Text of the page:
When Your Proposal Goes Sideways

Have you ever worked through a twisty proposal process—the kind where your client team changes their mind a few times and you reposition the work, maybe even more than once?

Then you know that feeling—relief!—when it’s out of your hands and safely delivered to the client.


After the heat of the process is behind you, you start thinking about that final version. And the dread sets in:

Did I really just commit to that scope of work—how am I going to do that with my other commitments?


What was I thinking—why did I propose all that executional work when my real forte is strategy?


Wait a minute—did I charge enough for this project? How much am I actually making after adjusting for paying the contractors I had to bring in when we re-scoped?


What did I just propose? No way their lack of a coherent business structure (insert any big obstacle to your success) isn’t going to bite us.

—or even—

(Head slap) My dream client just asked me for help and I have no wiggle room with this other proposal hanging over my head.

No doubt if you’ve been doing this long enough at least one of those scenarios hits home.

So what do you do when your proposal goes sideways?

You wrangle the beast like the pro that you are.

One client—let’s call her Portia—experienced all five with just one proposal.

It wasn’t that she hadn’t had inklings that this wasn’t the right fit. It was that she’d made a series of small decisions—each with the best intentions—that led her to a proposal she deeply regretted.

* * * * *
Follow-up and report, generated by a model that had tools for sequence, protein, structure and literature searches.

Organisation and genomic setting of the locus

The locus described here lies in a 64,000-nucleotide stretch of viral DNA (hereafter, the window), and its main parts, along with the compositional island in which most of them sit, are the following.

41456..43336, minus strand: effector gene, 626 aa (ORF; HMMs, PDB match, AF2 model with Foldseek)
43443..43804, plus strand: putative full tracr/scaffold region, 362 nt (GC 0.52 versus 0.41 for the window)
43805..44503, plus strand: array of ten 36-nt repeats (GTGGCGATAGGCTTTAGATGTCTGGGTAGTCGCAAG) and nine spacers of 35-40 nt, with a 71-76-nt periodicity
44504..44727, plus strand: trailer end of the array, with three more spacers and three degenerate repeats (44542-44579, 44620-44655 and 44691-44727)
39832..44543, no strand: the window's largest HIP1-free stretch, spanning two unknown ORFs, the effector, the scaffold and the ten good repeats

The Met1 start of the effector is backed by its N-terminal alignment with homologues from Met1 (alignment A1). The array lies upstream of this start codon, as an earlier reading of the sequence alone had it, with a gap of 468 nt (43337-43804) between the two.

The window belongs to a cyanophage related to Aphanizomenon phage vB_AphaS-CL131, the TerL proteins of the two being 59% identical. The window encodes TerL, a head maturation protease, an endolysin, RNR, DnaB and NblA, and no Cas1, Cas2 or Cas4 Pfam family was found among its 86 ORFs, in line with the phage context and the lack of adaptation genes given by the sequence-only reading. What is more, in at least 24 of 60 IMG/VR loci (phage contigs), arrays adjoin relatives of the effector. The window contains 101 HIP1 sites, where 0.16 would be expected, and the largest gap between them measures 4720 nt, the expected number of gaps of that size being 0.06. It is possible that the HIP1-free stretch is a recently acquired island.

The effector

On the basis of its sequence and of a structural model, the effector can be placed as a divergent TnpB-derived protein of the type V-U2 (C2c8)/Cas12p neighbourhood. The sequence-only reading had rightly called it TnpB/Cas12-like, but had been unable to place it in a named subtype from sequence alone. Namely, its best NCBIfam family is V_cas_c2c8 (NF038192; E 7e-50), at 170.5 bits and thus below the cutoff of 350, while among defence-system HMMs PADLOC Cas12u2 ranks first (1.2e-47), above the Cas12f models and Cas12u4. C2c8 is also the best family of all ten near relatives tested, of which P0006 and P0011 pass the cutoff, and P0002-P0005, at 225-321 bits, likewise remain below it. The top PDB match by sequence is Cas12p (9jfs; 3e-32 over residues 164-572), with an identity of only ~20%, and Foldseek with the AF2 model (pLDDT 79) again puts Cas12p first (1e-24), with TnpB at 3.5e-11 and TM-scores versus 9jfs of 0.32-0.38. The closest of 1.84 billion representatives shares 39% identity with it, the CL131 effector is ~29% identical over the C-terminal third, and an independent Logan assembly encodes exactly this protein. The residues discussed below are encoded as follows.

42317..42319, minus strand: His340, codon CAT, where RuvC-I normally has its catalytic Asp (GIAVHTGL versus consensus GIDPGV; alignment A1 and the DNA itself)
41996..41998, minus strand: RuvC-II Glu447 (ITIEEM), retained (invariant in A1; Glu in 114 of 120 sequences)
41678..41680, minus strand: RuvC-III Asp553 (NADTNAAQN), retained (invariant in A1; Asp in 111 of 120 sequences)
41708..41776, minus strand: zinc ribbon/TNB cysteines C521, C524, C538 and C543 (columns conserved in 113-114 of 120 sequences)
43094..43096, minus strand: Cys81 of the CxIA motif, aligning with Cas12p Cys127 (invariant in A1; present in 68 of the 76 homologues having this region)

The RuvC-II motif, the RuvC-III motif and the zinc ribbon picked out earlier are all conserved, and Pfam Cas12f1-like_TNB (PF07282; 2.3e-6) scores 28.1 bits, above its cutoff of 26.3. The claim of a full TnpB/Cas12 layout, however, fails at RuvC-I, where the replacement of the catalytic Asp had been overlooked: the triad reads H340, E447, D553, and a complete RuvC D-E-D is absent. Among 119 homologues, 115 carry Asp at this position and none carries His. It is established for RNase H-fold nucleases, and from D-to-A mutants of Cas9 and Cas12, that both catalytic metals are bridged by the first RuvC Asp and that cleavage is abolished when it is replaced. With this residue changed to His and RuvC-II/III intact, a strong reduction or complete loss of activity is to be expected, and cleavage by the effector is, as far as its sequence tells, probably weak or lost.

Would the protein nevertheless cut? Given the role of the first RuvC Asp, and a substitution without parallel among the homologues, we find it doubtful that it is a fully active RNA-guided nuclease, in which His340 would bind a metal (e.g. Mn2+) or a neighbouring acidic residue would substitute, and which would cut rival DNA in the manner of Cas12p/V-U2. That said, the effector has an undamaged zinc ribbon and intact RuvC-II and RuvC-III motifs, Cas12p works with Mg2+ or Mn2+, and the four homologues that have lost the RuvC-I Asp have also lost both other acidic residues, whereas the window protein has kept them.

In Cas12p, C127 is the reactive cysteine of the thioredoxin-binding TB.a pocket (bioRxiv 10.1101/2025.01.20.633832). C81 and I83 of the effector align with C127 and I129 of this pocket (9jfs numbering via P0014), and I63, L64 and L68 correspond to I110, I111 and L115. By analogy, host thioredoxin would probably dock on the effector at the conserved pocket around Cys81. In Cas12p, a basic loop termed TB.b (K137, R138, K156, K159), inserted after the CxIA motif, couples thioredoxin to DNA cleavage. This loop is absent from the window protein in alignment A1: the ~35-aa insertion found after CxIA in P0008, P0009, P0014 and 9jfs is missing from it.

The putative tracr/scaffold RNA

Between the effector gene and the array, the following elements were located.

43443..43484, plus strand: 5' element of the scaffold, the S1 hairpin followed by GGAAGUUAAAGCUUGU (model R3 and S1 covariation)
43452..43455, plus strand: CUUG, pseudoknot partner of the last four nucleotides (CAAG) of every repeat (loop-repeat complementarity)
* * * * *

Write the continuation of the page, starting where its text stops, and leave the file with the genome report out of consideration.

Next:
(Sidebar: When you’re wired to help your client, you’ll sometimes make the wrong decision for you in the heat of the moment. The good news is that this is reversible—not to mention an excellent learning opportunity).

After some thinking, Portia realized that:

Her initial assessment that this might be a marquee client was off—yes, they had a highly recognizable name, but their size and structure was not something she wanted to replicate.

Her main client (one she’d known in another life) wasn’t ready to address the organization’s dysfunction around the founder—and that dysfunction was highly likely to derail the proposed work at some point.

To address a CEO concern, they’d added a chunk to the proposal that required Portia to bring in an outside specialist—ultimately cutting her portion of the fees by about half.

She already knew she didn’t “need” the work, but hadn’t really felt that at a visceral level until an ideal client knocked and she realized she couldn’t serve both.

So Portia decided to back out of this proposal.

No, it’s not fun and will require some finesse.

But she’s not willing to ignore a bad situation when she can still do something about it.

Let’s face it: sometimes proposals—like life—go sideways. It’s what you do with that knowledge that makes all the difference.

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